A number of auctioneers are considering going online to replace scheduled auctions over the coming weeks, as a result of the COVID-19 emergency. Farmers are familiar with the concept of bidding by the tap of the cap or the flick of the finger. However, they may need to get used to bidding with the click of a mouse going forward. So how does it work?
Essentially, it is the same principal as the auction room – the highest bid is binding upon the bidder. However, there are some differences.
Firstly, you will have to create an account on the selling agent’s website using your email address to register your interest.
Secondly, online land auctions will often require a bidding deposit. This will have to be transferred to the selling agent’s bank account prior to auction. The value of the bidding deposit will vary from auction to auction.
It is a good idea to organise this well in advance, because there can be a delay of a few days when transferring large amounts of money from one bank account to the other, especially if it is to a different bank. If you are not the successful bidder on the day, then the deposit is returned to you.
Like an ordinary auction, it is up to you to review all the documentation relating to the land before the auction.
“All corresponding legal documents can be accessed prior to the auction,” Liam Farragher from IAM Sold Property Auctions (iamsold.ie) told Irish Country Living.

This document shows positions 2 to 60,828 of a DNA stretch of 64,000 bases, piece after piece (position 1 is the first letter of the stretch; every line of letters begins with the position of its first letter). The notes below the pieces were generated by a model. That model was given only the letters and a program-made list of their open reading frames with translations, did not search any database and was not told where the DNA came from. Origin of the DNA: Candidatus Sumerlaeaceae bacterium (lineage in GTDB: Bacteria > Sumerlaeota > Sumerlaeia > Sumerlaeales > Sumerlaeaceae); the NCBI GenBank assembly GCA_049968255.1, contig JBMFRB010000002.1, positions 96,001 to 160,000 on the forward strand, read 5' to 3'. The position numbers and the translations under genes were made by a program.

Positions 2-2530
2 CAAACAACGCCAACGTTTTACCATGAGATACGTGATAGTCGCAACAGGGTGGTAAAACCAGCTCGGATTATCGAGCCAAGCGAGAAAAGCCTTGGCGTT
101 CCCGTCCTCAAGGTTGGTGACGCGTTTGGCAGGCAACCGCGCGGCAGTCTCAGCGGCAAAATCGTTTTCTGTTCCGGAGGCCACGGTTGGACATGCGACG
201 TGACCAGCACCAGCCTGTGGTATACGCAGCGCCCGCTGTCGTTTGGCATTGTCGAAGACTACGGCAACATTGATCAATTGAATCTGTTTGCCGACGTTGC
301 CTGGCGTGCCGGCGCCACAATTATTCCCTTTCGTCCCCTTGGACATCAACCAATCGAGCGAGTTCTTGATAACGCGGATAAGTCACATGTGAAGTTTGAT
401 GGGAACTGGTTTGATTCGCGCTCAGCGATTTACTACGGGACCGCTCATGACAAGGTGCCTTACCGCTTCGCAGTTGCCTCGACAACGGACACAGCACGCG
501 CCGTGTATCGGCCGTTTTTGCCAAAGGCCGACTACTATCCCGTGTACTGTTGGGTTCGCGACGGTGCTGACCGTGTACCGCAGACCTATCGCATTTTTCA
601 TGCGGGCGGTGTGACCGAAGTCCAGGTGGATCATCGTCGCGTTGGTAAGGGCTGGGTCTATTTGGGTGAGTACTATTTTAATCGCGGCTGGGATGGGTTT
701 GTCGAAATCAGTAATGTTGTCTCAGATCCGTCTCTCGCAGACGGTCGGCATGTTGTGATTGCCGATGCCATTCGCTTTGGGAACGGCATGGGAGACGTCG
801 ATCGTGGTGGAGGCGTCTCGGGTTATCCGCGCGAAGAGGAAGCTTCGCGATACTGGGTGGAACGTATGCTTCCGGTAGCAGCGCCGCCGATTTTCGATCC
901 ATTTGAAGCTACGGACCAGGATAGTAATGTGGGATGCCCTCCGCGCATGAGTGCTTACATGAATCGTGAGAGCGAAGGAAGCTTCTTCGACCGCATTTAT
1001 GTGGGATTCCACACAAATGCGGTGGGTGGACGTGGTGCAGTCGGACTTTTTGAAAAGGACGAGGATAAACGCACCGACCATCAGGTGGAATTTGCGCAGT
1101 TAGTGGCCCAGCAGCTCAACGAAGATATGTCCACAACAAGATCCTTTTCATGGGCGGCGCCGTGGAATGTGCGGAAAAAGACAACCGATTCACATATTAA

“These documents are uploaded to our website allowing any potential buyer the opportunity to review before the set auction date and time.”
The date and time of the auction will be the same principles as a public auction. The only difference is that rather than going to a hotel or auction room, you need to have internet access on your computer, laptop, tablet or mobile phone.
The auction will open for bidding at a certain time and will close a specific time later. There will be a count down timer displayed, indicating how long is left in the auction cycle. In some cases, you may not be made aware of the reserve price. If the bidding exceeds the reserve price within the allotted time, then the property will have been sold to the highest bidder. If it does not achieve that price, then it is not sold.
It is a case of “click to bid” with online auctions. When the auction opens, you will be able to place bids using the bid increase button provided. In some cases, this will be in line with the pre-determined bid increment levels. Every time you submit a bid, you will be shown whether your bid was successful. If someone else bids a higher amount, then you will be given a timeframe to choose whether or not you want to bid again. For example, you might have a minute.
The online auction will close as per the advertised “auction end time”. There may be an extension window if there are bids in the final minute of the auction, depending on the platform the selling agent uses.
For example, if a bid is placed in the “bidding extension window”, the clock will immediately reset to 60 seconds again and the auction will only finish when an entire 60-second “bidding extension window” passes without any further bids being placed.